Blogs & Videos

Every day at The Field Museum we're exploring something new, whether it's hidden deep in our collections or being investigated out in the field. Tune in to our blogs and videos to learn about breakthrough discoveries firsthand from our Field Museum scientists, or discover what curiosity Emily Graslie has stumbled upon in our vaults, or see how our science is making an impact in the world around you.

Recent Blog Posts

“Scarface”: The Dachshund-sized Pre-mammal with a (Possibly) Venomous Bite

Two hundred and fifty-two million years ago, huge volcanic eruptions triggered a mass extinction bigger than the one that ended the dinosaurs, changing life on earth forever. Field Museum scientist Ken Angielczyk and his colleagues are now studying this event, the Permian-Triassic Extinction, to learn about how communities bounce back after falling apart. And one newly discovered ancient mammal relative is helping them get closer to their answers—meet “Scarface.”

Monsters Storm The Field

Invertebrate paleontologists aren’t afraid of anything, so when Collections Manager Paul Mayer was offered a chance to add hundreds of monsters to The Field’s collections, he jumped at the opportunity. The monsters in question, Tully monsters, are just a small part of the enormous donation of Thomas V. Testa’s collection of Mazon Creek fossils that The Field Museum just received from Field Associate Jack Wittry.  

A tropical wanderer visits the Midwest

Photo © Nathan Goldberg, taken in St. Joseph, Berrien Co., Michigan, on 11 July 2015. I was riding south on the lakefront bike path, like I do most mornings, on my way to the museum. It was a lovely morning, cool, overcast, and with a nice tailwind. I passed the construction fence at Fullerton Avenue and glanced towards the water, as I do frequently during my ride. Then I nearly fell off my bike. A frigatebird was flying over!

Peregrine Falcons Removed from IL Endangered List

Peregrine Falcons have their share of claims to fame—with a diving speed of over 200 miles per hour, they’re the fastest animals in the world, and they’ve adapted from living on rocky cliffs to a different kind of “mountain”: Chicago’s skyscrapers.  But in 1951, there were none left in Illinois, and it looked as if the species would be wiped out of North America entirely. Today, thanks largely to the Chicago Peregrine Program headed by The Field Museum’s Mary Hennen, Peregrines are flourishing to the point that they’re no longer in immediate danger.

New Discoveries in How Animal Moms-to-Be Feed Their Babies

  Pop quiz—what kinds of animal mothers feed their babies before birth? The first (and maybe only) ones to come to mind are probably mammals like us—moms-to-be funnel nutrients from their blood supply right to their developing embryos through an organ called the placenta; the moms literally “eat for two.” That’s a different kind of nourishment than you see in most other animals—the majority lay eggs with a nutritious yolk for the embryo to use as it develops.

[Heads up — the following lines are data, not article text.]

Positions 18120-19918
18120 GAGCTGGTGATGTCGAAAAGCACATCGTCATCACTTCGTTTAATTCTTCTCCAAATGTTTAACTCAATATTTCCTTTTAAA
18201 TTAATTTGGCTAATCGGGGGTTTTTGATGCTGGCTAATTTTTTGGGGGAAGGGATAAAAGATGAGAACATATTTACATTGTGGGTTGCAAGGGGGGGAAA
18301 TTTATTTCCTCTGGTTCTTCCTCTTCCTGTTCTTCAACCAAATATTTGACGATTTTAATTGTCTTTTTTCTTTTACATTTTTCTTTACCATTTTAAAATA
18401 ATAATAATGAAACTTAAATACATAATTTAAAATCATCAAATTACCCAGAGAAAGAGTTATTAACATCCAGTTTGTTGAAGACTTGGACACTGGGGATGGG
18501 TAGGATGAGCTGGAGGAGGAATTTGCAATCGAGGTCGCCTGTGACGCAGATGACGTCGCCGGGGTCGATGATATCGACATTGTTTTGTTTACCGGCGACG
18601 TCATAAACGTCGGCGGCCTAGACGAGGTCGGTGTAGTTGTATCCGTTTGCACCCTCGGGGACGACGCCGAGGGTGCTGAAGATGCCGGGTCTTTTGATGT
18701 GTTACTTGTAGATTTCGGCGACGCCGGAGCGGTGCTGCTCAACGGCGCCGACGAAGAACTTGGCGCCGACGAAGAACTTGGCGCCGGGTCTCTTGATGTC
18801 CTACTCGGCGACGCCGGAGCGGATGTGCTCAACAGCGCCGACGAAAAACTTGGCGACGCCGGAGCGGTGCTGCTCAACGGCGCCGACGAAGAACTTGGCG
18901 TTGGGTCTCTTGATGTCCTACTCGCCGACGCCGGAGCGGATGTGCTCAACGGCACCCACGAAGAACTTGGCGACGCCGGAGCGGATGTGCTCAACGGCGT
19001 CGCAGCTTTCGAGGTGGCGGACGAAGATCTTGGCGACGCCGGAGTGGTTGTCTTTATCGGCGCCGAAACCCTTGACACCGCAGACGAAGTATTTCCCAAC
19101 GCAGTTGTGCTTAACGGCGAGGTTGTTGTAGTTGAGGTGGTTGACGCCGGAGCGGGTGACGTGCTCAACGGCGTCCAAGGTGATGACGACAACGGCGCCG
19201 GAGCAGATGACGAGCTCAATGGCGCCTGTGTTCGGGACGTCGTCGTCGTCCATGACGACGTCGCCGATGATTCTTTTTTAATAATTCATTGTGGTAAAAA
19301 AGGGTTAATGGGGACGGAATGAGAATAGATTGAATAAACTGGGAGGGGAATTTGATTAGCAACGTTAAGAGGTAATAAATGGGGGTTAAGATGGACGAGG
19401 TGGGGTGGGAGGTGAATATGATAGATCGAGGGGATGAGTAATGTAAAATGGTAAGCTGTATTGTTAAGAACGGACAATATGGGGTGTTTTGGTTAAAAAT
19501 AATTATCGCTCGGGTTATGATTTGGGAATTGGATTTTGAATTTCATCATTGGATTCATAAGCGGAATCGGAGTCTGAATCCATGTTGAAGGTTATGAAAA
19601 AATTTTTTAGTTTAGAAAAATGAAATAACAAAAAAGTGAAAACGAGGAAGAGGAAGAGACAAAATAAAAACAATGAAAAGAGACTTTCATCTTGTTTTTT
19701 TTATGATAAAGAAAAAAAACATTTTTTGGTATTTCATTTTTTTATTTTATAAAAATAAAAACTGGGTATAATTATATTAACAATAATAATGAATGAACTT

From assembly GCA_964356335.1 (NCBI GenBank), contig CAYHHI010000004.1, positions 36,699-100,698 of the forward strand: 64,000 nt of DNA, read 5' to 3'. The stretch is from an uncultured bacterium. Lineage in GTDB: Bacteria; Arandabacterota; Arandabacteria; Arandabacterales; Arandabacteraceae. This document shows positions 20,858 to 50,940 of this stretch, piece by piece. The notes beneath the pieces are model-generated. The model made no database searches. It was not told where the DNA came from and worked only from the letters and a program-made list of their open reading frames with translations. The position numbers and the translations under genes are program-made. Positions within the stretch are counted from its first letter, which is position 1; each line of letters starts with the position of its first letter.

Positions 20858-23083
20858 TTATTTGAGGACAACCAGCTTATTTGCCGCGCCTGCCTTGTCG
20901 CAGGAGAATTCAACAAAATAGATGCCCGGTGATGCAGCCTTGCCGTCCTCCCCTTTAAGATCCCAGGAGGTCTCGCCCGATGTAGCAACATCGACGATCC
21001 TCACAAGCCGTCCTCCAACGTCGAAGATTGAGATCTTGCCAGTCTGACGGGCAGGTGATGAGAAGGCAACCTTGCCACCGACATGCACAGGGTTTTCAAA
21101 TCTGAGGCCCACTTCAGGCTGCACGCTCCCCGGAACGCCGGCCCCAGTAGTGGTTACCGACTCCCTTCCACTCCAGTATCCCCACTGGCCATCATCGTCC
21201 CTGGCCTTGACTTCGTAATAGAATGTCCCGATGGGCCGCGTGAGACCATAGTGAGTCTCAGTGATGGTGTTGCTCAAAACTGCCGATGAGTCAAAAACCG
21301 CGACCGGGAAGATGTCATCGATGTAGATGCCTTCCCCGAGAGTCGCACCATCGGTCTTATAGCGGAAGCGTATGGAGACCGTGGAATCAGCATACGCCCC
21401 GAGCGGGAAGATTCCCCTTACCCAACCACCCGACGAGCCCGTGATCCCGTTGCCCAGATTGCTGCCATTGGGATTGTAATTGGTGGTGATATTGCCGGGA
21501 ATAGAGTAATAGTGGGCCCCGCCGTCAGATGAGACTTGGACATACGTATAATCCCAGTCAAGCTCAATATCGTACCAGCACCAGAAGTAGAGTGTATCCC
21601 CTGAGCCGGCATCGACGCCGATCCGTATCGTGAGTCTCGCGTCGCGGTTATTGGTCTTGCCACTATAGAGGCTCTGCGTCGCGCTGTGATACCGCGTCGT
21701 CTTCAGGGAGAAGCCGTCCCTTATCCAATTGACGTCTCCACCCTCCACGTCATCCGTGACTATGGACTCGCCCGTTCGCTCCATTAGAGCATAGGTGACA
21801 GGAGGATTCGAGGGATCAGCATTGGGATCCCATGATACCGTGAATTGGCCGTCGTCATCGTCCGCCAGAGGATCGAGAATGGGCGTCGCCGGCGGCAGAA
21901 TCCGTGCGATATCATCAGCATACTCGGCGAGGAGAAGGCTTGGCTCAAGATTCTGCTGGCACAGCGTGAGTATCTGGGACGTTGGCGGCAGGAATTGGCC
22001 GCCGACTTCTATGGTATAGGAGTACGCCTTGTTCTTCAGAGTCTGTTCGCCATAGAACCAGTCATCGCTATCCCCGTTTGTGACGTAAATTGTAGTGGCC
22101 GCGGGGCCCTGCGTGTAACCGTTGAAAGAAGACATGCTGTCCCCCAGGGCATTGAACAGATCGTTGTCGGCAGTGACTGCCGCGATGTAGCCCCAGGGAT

Voices of Conservation - Viva Yeboah

Viva Yeboah is the Founder of Outdoor Afro Chicago. Born in Georgia and a DePaul graduate in Accounting, a younger Viva Yeboah wouldn't have believed that playing such a huge part in Chicago’s conservation field would be in her future. However, her chapter of Outdoor Afro has changed the outdoor recreation world and challenges the belief that people of color don't partake in the environment and its conservation.

Voices of Conservation - Maritza Rocha

“There is money being spent on preventing kids to get pregnant or not involved in gangs but there’s no money being used to help them reconnect with the surroundings that have created them.”  Dedicated to making sure Pilsen's children have a healthy environment, Maritza Rocha is the Director of Youth Services at Mujeres Latinas en Accion.  A native of Chicago, she grew up in the Pilsen, the lower Westside, and Bridgeport. She attended DePaul University, intending on becoming a lawyer, but the need to bring knowledge to her people was much stronger.

Voices of Conservation - Credell Walls

Credell Walls is a Community Engagement Specialist with the Forest Preserves of Cook County. “Having youth go out and do stewardship work, remove an invasive species, making a difference in different areas of their lives, I think it helps them see their life a little better than they did before.” Walls prides himself on creating opportunities for youth. He graduated from DePaul University and is working on his master’s in biology at the University of Miami, he has the ability to show youth how to love the world they live in.

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